[OUTLOOK]Picking our new leader

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[OUTLOOK]Picking our new leader

One of the greatest things Korea learned after our soccer national team advanced to the semifinals of the 2002 World Cup was that the people, especially the younger generation, were able to become one through shouting “Dae- han-min-guk.” Every single Korean citizen probably felt the unlimited pride that came with the shouts.
The interest surrounding the historical position and the achievements of Korea’s first president, Syngman Rhee, who played a crucial role in founding the nation and defending it from North Korea during the Korean War, has increased in recent days. It is reasonable to hold active discussions about the role a leader, especially the president, should assume during a time of national crisis. During the last month alone, Myongji University hosted an academic conference on “Syngman Rhee and Konrad Adenauer,” Yonsei University held one on “The National Administration Leadership of Syngman Rhee, Park Chung Hee and Kim Dae-jung,” while the Seoul Museum of History held a session on Syngman Rhee and the independence movement. The series of conferences suggests efforts to overcome the current crisis through reflecting on the wisdom of past leaders who exercised decisive leadership in overcoming difficult situations.
The leadership of Mr. Rhee and Konrad Adenauer of Germany, both responsible for the historic task of founding a country, gives us an exceptional lesson.
When Korea was freed from 35 years of Japanese colonial rule, Mr. Rhee was faced with the worst-case scenario, as the nation was divided into North and South by the United States and the Soviet Union. Mr. Adenauer faced a similar situation, where he had to watch his nation split into East and West Germany under the rule of Allied forces as the defeated nation of World War II. The two political heroes, however, went on to establish their home nations. Mr. Rhee founded the Republic of Korea in 1948 and Mr. Adenauer founded the Federal Republic of Germany in 1949. Born in 1875, Mr. Rhee was a year older than Mr. Adenauer and was able to bring legitimacy to the new nation through his experience as a leader in Korea’s anti-Japanese movement, while his German counterpart earned his through assuming the role of leading the anti-Nazi movement.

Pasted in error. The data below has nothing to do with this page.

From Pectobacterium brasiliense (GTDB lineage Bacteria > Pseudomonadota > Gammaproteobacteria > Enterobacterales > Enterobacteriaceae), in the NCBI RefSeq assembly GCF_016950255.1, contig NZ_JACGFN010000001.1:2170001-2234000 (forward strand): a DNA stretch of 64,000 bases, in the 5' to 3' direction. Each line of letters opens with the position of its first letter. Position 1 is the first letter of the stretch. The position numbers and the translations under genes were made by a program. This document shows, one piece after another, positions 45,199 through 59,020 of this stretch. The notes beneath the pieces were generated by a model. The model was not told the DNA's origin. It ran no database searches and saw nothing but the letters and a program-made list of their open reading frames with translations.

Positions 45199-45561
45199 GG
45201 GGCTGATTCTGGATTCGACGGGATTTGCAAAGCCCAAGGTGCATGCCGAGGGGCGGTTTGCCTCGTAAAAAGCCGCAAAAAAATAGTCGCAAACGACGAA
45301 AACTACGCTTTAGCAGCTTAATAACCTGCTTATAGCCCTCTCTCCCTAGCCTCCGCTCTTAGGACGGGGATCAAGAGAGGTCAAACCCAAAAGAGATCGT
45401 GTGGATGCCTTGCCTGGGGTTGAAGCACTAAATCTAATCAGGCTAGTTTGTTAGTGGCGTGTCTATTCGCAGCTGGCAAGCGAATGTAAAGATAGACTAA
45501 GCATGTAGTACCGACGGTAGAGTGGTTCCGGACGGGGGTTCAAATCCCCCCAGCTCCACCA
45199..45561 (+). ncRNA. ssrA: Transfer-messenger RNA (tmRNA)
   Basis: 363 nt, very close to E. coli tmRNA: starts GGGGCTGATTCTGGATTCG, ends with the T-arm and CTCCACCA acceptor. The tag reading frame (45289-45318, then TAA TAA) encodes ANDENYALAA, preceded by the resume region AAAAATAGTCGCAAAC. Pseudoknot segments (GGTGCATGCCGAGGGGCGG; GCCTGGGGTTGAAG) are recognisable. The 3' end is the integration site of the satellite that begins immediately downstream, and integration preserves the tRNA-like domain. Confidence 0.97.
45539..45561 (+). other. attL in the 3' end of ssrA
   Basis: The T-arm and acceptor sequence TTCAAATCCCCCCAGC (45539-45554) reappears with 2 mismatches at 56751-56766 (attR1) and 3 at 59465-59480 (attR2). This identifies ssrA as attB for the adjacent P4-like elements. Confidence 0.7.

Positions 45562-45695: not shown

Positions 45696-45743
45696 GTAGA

Mr. Rhee was inaugurated as president in 1948 while Mr. Adenauer became Germany’s first chancellor the following year, and both showed vigorous abilities as the former served 12 years and the latter 14 years in office. The two leaders also share a common feature as both played an important role in enacting and proclaiming the constitutions of their respective nations before stepping up as the country’s president and chancellor. But what allows us to remember both figures as historical leaders, regardless of their political evaluation, is that they were exceptional people who possessed political philosophies, unshakable beliefs, insights that enabled them to read the overall trends, the decisiveness to correctly decide the priority of national policies and the ability to carry out those policies.
Mr. Rhee and Mr. Adenauer both possessed a strong belief in the independence and unification of their fatherlands and the construction of a society that ensured the freedom of their people. The two also knew that it was best to connect the fates of Korea and Germany with that of the Western world, especially the United States. That is why both leaders extended the scope of their alliances to include Washington and eventually paved the road to national development. On the other hand, the decisions to establish independent countries and put the decisions into action were extremely intelligent and historical. They never looked back from the conclusion that their governments was the lone legitimate ones and that developing a strong and prosperous nation was the shortcut to reunification.
Of course they rejected any theories that suggested that a divided nation must keep a neutral position to keep hopes of unification alive. The unification of Germany back in 1990 dramatically proved that the decision was correct.
The great leadership that both leaders showed can be summarized by the following: First, the ability to precisely read the geographic conditions and the international situation. Second, decisiveness in selecting a policy to secure the national security and the freedom of the people despite maintaining the situation of a divided nation. Finally, the political ability to bring the people’s unity and mutual agreement.
Instead of worrying about the crisis in the current president’s leadership with a year left until the presidential elections, we should consider what standards to apply when selecting our next leader and retrace the lessons history teach us. Only intelligent people who learn from the past can pick a worthy leader.

*The writer, a former prime minister, is an advisor to the JoongAng Ilbo. Translation by JoongAng Daily staff.


by Lee Hong-koo
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